It sounds like something out of a science fiction movie: a "biocomputer" powered by human brain cells. In fact, a team of researchers in the journal Frontiers in Science presented a roadmap that could make this scenario a reality in a few decades. In it, the authors outline the development of “organoid intelligence” (OI), which not only makes more powerful and economical computers possible, but could also advance the development of medicines. The basis are brain organoids – tissue structures grown in the laboratory from human cells that are typical for certain brain regions.
Despite all the impressive advances that computer technologies and especially artificial intelligence (AI) have made in recent decades, the human brain is still considered unsurpassed in terms of its learning and memory abilities. However, a new breed of biological computing systems could push the boundaries. So far, the main aim of AI was to make computers more brain-like, but now the brain organoids are to become more computer-like.
Team leader Thomas Hartung from Johns Hopkins University sees three main areas of application for organoid intelligence: It could help to better understand how the brain works. It could also revolutionize the development of drugs to treat neurodegenerative diseases such as dementia. And finally, it could revolutionize computer technology.
According to Hartung, computers can generally process data and numbers faster than humans. But this is still better when it comes to complex logical problems. In addition, a single neuron in the brain can connect to up to 10,000 other nerve cells, which is a completely different way of processing and storing information, according to the scientist.
The team uses illustrations to show what the biological hardware could look like: One of them shows a clump of cells – the organoid – floating in a bowl of liquid and connected to the outside with tiny tubes.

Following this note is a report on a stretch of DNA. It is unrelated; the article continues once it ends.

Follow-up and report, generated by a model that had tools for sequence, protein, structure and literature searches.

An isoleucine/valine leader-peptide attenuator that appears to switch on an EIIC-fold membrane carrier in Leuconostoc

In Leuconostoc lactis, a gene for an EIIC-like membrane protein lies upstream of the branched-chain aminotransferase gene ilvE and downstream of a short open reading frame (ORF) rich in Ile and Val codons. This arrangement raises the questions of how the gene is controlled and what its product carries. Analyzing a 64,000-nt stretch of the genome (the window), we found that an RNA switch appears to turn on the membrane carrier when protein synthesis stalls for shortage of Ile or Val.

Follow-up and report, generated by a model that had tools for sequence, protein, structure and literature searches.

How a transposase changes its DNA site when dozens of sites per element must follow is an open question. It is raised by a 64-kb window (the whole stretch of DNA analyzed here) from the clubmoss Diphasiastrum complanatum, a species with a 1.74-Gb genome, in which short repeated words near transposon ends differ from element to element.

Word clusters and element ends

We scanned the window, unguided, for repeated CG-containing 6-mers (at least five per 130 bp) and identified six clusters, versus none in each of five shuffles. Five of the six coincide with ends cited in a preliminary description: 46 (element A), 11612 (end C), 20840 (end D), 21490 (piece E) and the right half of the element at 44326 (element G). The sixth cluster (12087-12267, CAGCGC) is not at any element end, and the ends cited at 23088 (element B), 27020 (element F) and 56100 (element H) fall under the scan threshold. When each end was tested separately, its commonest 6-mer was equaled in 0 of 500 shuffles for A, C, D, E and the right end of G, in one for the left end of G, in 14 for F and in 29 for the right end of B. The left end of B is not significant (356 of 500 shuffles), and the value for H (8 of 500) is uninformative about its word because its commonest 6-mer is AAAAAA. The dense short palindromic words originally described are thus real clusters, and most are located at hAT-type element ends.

For such organoids, the researchers use cells from human skin samples, which are first transformed into a stem cell-like state and then caused to develop into brain cells. Each of the three-dimensional brain organoids created in this way contains around 50,000 cells, which is still not enough for the intended biocomputer: "In order to support sophisticated calculations, we want to increase this number to ten million," writes the team.
The tube and liquid system shown in the illustration serves the organoids: they receive oxygen, nutrients and growth factors while eliminating waste products. In addition, technologies are described that allow the cells to send information and read out what they "think". The authors plan to adapt tools from different disciplines such as bioengineering and machine learning, as well as to develop new stimulation and recording devices.
Hartung explains: “We developed a brain-computer interface, a kind of EEG cap for organoids, which we presented in a paper published in August. It's a flexible shell densely covered with tiny electrodes that can both pick up signals from and transmit signals to the organoid."
Earlier work has already shown that OI is fundamentally feasible, says Hartung, who specifically cites a study by his co-author Brett Kagan (Cortical Labs in Melbourne). In 2022, his team showed that it is possible to teach brain cell cultures the video game "Pong", in which a point on the screen is hit back and forth in a manner similar to tennis.
According to Hartung, it could still be decades before organoid intelligence can power a system that is as intelligent as a mouse. But there are already complex ethical questions in the room. Could brain organoids feel suffering or even develop consciousness? And what rights do the skin cell donors have? To address these uncertainties, the authors propose that the research process be continuously monitored by a team of ethicists, researchers and members of the public, who jointly identify, discuss and answer relevant questions.
In fact, a statement by the National Academy of Sciences Leopoldina as early as 2022 dealt with the brain organoids, which with the current possibilities could currently reach a maximum of the size of a pea. The Leopoldina authors stated: “The production and research of these new entities can easily evoke unease and concern about exceeding ethically formulated limits of action, since it is about such cell assemblies that form the biological substrate of the human mind and are instrumentalized in a highly artificial way .” In the foreseeable future, however, it is not to be expected that they will be able to develop pain sensations or other, even rudimentary, states of consciousness.
"At the same time, however, brain organoid research is a highly dynamic research field in which substantial progress has been made in recent years and more can be expected in the future," it continues. Then regulations by a special ethics committee could possibly become necessary.
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